Here are resources pertaining to the College of Liberal Arts & Human Sciences (CLAHS), its schools, its programs, and its departments. Also included are resources for its predecessors, such as the College of Human Sciences & Education and the College of Arts & Sciences, as these included many of the departments and schools that are currently housed administratively in CLAHS.
Record groups may include posters, flyers, photos, organizational records, and more. Materials are divided into assigned Record Groups based on the office, division, or unit and designated by the prefix, RG. For example, materials relating to CLAHS are identified as RG 48/x, College of Arts and Sciences [obsolete, 2003] as RG 15/x, College of Education [obsolete, 1996] as RG 17, and College of Human Sciences and Education [obsolete, 2003] as RG 19.
The College of Liberal Arts and Human Sciences (CLAHS) formed in July 2003, when most of the liberal arts departments from the former College of Arts and Sciences merged with most of the departments from the former College of Human Sciences and Education.
College of Education
The College of Education was established on July 1, 1971. A Department of Education existed in the College of Arts and Sciences since 1965. Prior to that time, courses and degree programs in various types of education had been offered throughout Virginia Tech’s history. In 1996, the College of Education merged with the College of Human Resources to form the College of Human Resources and Education.
College of Home Economics (later College of Human Sciences and Education)
The first courses in home economics were offered in 1921, the same year women were first admitted full-time to the university. In 1924, the Department of Home Economics was formally established in the School of Agriculture, but was suspended in 1933 due to budget constraints. Four years later, the department was reinstated within the School of Agriculture.
After the university merged with Radford College in 1944 and until 1951, the General Assembly required students spend their first two years at Radford. However, the Board of Visitors did not authorize a separate department at the Blacksburg campus until 1958. Two years later the Departments at Radford and Blacksburg were merged under one dean to become the School of Home Economics.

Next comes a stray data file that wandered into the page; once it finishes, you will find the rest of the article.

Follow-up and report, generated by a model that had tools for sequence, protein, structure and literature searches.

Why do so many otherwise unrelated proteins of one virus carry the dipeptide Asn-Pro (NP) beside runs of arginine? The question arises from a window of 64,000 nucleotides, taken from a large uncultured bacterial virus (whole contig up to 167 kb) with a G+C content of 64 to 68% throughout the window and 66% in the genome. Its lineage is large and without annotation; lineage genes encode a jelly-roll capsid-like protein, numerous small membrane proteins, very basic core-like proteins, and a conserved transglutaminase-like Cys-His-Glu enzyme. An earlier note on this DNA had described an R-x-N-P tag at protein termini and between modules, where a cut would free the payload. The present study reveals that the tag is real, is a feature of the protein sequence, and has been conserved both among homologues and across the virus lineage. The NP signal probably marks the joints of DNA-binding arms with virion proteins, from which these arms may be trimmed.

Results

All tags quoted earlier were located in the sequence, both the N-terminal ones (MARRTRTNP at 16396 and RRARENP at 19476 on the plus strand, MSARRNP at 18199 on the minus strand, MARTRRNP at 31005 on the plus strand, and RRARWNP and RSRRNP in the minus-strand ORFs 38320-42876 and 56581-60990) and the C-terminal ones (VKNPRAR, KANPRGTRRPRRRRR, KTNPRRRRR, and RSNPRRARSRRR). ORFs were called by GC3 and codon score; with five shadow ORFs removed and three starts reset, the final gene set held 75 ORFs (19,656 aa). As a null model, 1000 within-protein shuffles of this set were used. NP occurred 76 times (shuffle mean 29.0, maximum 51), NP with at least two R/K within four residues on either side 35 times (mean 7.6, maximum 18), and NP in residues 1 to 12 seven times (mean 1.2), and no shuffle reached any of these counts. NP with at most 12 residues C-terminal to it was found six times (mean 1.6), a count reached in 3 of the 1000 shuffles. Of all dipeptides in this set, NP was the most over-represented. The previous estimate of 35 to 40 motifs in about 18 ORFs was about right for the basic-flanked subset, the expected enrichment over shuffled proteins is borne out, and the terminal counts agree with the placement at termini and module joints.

In 1964, when the university and Radford College dissolved the merger, the School became the College of Home Economics. In 1982, the College was renamed the College of Human Resources, and in 1996 once again it changed names to the College of Human Resources and Education after merging with the College of Education [RG 17]. In 2002, the College became the College of Human Sciences and Education. Finally, in July of the next year, the College was dissolved, and most of its departments joined the College of Liberal Arts and Human Sciences (CLAHS) [RG 48], which formed that same year.
College of Arts & Sciences
In 1961, the School of Science and General Studies formed out of several departments that were part of the School of Applied Sciences and Business, which dissolved that year. However, some of the departments trace their roots back to the founding of the university in 1872. In 1963, the school became the School of Arts and Sciences and the next year became the College of Arts and Sciences, which dissolved in July 2003. Most of the liberal arts departments joined the newly-formed College of Liberal Arts and Human Sciences, while most of the science departments formed the College of Science.
Online Histories and Exhibits
Here are several SCUA collections related to the College of Liberal Arts and Human Sciences and its predecessors. This is not a comprehensive list of all our related collections. To find more, please search within our collections on Virginia Heritage.
Collections related to the Dept. of English
We thank the American Indian & Indigenous Community Center for providing this statement:
Virginia Tech acknowledges that we live and work on the Tutelo / Monacan People’s homeland and we recognize their continued relationships with their lands and waterways. We further acknowledge that legislation and practices like the Morrill Act (1862) enabled the commonwealth of Virginia to finance and found Virginia Tech through the forced removal of Native Nations from their lands, both locally and in western territories.
We understand that honoring Native Peoples without explicit material commitments falls short of our institutional responsibilities. Through sustained, transparent, and meaningful engagement with the Tutelo / Monacan Peoples, and other Native Nations, we commit to changing the trajectory of Virginia Tech's history by increasing Indigenous student, staff, and faculty recruitment and retention, diversifying course offerings, and meeting the growing needs of all Virginia tribes and supporting their sovereignty.
We must also recognize that enslaved Black people generated revenue and resources used to establish Virginia Tech and were prohibited from attending until 1953. Through InclusiveVT, the institutional and individual commitment to Ut Prosim (that I may serve) in the spirit of community, diversity, and excellence, we commit to advancing a more diverse, equitable, and inclusive community.